Updated: Sep 16, 2019
Today is R U Ok Day here in Australia.
R U Ok is a suicide prevention organisation whose vision “is a world where we're all connected and are protected from suicide” and whose mission is “to inspire and empower everyone to meaningfully connect with people around them and support anyone struggling with life”.
Great initiative! Great conversation-starter! Great question! BUT…(I guess you sensed that “but” coming)… What if I answered “No, I’m not!” What if my response was not the “good-good, Mate”, “well, thanks, Mate!” as is so easily rattled off and has become so commonplace in society. When asking me (or anyone) the question we are encouraged to ask today: “R U OK?” the question I ask you is: Are you really prepared for the answer?
This was something my dear wife, Samantha, got me thinking about the other day
We live in an age where mental health illness is at the forefront of many discussions and articles. Anxiety,depression and suicide are among the myriad of mental health-related topics being spoken of now more than ever before, which is a brilliant thing. It goes a long way (although admittedly we still have a long way to go) in de-stigmatising mental health issues, etc. What this newfound “freedom” to discuss these matters means however, is that the response to your well – intending: “R U OK?” may well be “No, I’m not actually. Here’s why…” The question remains: Are you really prepared for the answer? What are going to do with such a response?
1. Will you squirm uncomfortably and quickly divert the conversation to how dry things are and that “we could really use some rain…”
2. Will you pretend you haven’t heard the response and move onto your next question…
3. Will you, in actual fact, not hear the response, because subconsciously you were expecting and assuming it to be the usual “I’m good, Mate. Thanks. And you?”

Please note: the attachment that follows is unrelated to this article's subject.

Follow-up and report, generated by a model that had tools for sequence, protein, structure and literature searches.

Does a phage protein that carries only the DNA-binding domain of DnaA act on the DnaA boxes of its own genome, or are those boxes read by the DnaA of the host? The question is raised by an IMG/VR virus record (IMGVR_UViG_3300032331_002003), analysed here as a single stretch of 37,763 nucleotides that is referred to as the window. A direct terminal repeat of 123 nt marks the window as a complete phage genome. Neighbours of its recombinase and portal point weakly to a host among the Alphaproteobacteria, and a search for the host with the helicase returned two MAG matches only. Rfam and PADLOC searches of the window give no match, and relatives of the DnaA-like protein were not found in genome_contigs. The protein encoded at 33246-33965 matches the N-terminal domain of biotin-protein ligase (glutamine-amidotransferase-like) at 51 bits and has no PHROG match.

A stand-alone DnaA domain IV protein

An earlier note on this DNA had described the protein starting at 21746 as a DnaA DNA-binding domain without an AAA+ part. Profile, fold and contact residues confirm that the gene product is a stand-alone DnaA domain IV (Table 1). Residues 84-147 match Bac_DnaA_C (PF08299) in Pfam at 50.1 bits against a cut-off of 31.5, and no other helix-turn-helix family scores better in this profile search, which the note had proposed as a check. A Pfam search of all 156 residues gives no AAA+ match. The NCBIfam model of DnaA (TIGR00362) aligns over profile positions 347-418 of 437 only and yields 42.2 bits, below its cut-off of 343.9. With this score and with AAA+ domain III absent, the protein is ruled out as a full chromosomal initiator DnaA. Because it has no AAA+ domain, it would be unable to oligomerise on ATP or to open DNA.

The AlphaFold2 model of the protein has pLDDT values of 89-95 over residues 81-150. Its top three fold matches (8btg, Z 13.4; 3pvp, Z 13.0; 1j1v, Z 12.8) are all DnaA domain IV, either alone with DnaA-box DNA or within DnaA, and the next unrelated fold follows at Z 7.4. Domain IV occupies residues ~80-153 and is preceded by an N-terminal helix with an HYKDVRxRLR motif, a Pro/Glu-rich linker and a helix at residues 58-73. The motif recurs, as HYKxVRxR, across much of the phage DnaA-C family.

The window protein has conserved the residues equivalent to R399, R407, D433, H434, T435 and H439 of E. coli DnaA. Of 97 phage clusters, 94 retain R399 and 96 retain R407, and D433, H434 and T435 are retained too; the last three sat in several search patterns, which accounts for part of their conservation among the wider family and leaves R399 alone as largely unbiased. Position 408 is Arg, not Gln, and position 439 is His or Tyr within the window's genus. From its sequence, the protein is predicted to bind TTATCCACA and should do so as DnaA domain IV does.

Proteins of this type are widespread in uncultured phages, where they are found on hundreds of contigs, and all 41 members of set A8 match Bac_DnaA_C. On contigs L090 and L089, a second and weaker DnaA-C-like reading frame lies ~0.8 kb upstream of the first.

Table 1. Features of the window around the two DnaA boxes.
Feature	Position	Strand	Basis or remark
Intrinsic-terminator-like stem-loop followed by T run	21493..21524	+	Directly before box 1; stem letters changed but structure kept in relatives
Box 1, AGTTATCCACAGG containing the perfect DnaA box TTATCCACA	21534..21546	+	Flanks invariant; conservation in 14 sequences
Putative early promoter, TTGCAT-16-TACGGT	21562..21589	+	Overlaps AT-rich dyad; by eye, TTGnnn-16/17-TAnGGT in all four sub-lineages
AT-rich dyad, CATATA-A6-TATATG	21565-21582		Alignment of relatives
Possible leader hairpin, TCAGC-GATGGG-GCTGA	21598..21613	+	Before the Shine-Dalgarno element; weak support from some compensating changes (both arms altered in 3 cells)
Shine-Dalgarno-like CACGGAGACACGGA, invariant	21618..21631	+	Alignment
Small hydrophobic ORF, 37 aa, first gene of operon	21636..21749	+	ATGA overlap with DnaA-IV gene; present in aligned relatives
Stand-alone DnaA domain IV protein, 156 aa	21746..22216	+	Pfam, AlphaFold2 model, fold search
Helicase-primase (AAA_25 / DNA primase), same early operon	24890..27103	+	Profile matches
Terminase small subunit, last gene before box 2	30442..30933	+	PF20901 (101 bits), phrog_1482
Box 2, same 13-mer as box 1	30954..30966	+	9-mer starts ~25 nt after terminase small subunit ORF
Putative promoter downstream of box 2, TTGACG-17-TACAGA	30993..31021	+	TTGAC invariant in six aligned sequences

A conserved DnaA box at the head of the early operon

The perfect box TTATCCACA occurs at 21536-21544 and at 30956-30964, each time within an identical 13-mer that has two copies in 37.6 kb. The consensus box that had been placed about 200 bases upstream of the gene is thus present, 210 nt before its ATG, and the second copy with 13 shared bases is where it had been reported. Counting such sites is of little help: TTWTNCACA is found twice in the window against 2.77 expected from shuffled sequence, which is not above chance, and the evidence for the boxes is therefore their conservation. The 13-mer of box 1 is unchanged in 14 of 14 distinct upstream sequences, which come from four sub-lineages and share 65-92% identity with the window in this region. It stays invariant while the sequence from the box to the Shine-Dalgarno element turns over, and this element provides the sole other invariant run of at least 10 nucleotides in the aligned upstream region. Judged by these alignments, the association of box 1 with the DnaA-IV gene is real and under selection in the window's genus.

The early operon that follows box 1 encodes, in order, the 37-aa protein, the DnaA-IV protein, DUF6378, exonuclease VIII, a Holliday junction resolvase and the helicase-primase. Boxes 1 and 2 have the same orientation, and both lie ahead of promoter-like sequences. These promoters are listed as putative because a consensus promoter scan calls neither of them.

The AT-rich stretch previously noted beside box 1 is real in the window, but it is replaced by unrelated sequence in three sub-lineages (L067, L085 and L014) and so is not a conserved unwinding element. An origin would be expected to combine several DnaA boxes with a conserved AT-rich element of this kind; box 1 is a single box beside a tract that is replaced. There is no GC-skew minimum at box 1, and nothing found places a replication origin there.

Friend, this “R U OK Day”, could I put out a two-fold challenge.
Firstly, to you who are asking the question.
Ask it because you want to ask it – not because today calls for you to ask it. Ask it because you are genuinely interested in the welfare, be it emotional, mental or spiritual, of the other person.
And then listen! I mean genuinely and actively listen to what the response is. Then, be willing to walk the next mile with the person if you perceive the answer to your question as a cry for help. If he/she trusts you enough to open up and answer you truthfully, the worst thing you can do is betray that trust, discarding it like a piece of trash, by immediately moving on and speaking about the weather. PLEASE NOTE! I'm not saying: "Don't ask!" Please DO! Your struggling mate may in fact need you to ask! But my encouragement to you, Dear Friend, is ask it because you mean it!
Secondly, to you being asked the question.
If posed the question by someone you feel comfortable with, then be free in confessing where you are truly at.
It’s time for the masks to be taken off. The masks placed on one by a society that equates success and prosperity with always being “OK”; always being “happy”; a picture of reality painted with the social media brush of perfection.
“R U OK?” I pray that you are, but if not, please say so! Suffering in silence is not an option. Don’t believe the lie of the devil in this regard. Silent suffering can lead to silent suicide, the very thing that “R U OK” as an organisation is trying to prevent, the very thing that this blog post of mine is trying to prevent. My Dear Friend, suicide / “getting out” is not the only solution. Speak up! Speak out! Reach out to someone today.
“R U OK?”
- Yes? That’s awesome!
- No? You can be! You will be! Don’t die in the Winter; Spring is around the corner!
If you need to speak to someone- please reach out to a friend, a pastor, a teacher, ANYBODY! Below are a few numbers you can call, as well. God bless you!